Gene Weingarten’s latest offering carries one of the longest subtitles ever, The True Story of What Happened When a World-Class Violinist Played for Handouts…and Other Virtuoso Performances by America’s Foremost Feature Writer.
If you know this double Pullitzer-winning storyteller’s humorous, excellent writing, you’ll probably want to own this collection of some of the brightest gems in his crown.
He’s a long-standing feature and profile writer for The Washington Post, with a humor column so beloved and accessible that it is syndicated all over the country (where newspapers are left that can afford to buy syndication material).
The book’s title introduces one of the two articles for which he won a Pulitzer Prize in Feature Writing (in 2008). The narrative arrives, however, at the end of the book. Inside lurks this year’s Pulitzer-winning feature about dead babies in cars. It sounds bald and cruel, stated that way, but Weingarten effectively demonstrates the power of naked news to jar us out of complacency.
His writing also reveals his softer, gentler side, as in the piece about his daughter leaving for college. It’s a joyfully anticipated state of affairs, he confirms at the beginning and then slips through denial until at the end, he’s injuring himself throwing and catching a baseball until it’s lost. In the pouring rain.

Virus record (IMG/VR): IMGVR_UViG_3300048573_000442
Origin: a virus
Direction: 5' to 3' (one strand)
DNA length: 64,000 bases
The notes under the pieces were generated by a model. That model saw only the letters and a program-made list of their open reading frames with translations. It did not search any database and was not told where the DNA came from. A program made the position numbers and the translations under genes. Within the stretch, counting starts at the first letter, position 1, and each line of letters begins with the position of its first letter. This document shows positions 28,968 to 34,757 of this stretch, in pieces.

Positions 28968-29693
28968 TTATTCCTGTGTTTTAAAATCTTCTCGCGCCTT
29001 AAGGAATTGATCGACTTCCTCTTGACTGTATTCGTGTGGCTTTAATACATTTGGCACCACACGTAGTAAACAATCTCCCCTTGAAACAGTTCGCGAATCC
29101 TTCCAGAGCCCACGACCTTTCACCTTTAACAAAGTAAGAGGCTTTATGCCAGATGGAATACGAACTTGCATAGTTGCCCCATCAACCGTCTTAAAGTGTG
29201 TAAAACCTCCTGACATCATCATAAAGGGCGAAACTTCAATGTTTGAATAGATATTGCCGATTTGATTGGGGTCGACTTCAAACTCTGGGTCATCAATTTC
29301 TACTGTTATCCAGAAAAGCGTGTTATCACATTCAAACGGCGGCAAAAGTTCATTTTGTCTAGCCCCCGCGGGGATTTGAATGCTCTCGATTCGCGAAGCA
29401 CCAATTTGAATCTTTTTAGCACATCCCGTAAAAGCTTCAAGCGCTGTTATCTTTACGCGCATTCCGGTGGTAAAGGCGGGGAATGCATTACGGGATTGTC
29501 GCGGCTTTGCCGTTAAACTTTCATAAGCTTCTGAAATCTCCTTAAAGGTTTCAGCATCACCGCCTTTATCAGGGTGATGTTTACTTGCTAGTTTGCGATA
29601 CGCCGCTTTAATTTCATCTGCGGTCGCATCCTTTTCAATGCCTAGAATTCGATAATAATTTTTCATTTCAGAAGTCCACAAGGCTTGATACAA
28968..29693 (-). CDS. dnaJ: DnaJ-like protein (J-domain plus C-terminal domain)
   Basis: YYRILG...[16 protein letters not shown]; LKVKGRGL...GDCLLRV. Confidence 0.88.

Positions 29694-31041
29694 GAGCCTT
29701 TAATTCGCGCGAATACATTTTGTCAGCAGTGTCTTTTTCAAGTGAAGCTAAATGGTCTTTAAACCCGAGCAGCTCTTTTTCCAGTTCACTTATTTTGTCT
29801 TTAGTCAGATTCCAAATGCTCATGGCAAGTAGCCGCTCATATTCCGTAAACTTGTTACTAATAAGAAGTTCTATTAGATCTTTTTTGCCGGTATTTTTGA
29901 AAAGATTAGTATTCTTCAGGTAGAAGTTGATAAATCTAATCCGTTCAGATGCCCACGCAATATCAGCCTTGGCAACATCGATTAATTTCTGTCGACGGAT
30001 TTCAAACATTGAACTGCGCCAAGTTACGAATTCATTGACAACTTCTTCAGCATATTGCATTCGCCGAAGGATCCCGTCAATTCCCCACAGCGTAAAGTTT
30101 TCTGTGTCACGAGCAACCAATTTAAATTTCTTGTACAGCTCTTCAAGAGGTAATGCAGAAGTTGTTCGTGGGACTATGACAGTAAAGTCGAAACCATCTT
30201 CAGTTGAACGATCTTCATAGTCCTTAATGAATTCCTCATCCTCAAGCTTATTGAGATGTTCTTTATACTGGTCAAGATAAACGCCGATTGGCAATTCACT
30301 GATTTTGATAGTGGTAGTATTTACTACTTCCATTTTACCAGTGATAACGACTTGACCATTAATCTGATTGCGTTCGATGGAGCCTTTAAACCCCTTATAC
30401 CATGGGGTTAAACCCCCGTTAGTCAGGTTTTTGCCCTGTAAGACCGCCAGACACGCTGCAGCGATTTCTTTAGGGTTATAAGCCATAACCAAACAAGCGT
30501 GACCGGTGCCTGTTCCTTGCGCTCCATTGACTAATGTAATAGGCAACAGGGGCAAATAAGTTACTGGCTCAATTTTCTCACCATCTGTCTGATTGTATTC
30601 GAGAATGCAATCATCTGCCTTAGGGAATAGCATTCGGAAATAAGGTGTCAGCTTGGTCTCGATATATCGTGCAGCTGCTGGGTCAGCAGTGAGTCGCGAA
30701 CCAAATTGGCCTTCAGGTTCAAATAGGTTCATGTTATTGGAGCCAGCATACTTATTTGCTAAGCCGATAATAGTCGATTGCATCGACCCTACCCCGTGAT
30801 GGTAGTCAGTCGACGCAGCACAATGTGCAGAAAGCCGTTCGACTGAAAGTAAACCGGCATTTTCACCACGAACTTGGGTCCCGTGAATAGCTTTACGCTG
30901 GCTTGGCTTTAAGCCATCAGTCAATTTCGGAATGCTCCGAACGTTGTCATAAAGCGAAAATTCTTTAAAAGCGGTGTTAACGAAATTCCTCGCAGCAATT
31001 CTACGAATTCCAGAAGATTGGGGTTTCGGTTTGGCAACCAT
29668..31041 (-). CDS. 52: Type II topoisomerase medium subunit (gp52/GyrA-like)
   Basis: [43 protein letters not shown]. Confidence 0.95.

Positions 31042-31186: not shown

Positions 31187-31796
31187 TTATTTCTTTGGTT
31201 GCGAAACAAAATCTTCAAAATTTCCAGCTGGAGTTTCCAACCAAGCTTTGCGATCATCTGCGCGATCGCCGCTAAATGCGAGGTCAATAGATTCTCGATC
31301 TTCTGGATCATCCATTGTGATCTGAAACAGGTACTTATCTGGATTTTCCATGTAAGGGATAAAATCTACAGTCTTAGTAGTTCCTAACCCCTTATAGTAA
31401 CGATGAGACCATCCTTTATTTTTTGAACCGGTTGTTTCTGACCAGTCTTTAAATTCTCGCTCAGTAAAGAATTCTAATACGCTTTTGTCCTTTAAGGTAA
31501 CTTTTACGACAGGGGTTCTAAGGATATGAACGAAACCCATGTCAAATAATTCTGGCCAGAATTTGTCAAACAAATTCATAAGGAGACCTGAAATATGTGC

To my mind, warped as it may be after finishing this book, no one should miss “The Great Zucchini” story about an incredibly gifted children’s performer who commanded large sums of money for his appearances, yet had a weakness that left him nearly destitute. Often.
And the rare profile of Garry Trudeau, creator of the Doonesbury comics exposes the breadth and depth of Weingarten’s research efforts to produce a well-rounded view of a subject. “Pardon My French” will have you snorting whatever you’re drinking as the writer fails in attempt after attempt to verify American stereotypes of the French.
Weingarten claims to have been Dave Barry’s editor at The Miami Herald and to have learned all he knows about humor from him. I think not. How could he have edited Barry’s work without knowing how to humor himself?
If only he’d been my editor when I wrote for the Herald, maybe I’d be in Barry’s underpants. If you want to know why I ended the last sentence with that particular word, you’ll have to read the introduction to Weingarten’s book. It should be mandatory reading for every journalist. It might even help fictionalists.
Barry, however, claims that, “Gene Weingarten is the best writer in American journalism. He’s a master at finding a story that nobody else would have thought to pursue, researching it doggedly, and telling it in such a riveting way that you feel as though you’re reading a terrific novel.” Hear! Hear! I couldn’t have said it better myself, and that’s why I copied it from the back cover.
Weingarten has also written Old Dogs: Are the Best Dogs, The Hypochondriac’s Guide to Life. And Death, and I’m With Stupid: One Man. One Woman, all published in the last decade. To follow Weingarten’s guiding principle of good storytelling: read them at your peril for you’ll probably die laughing. What a way to go!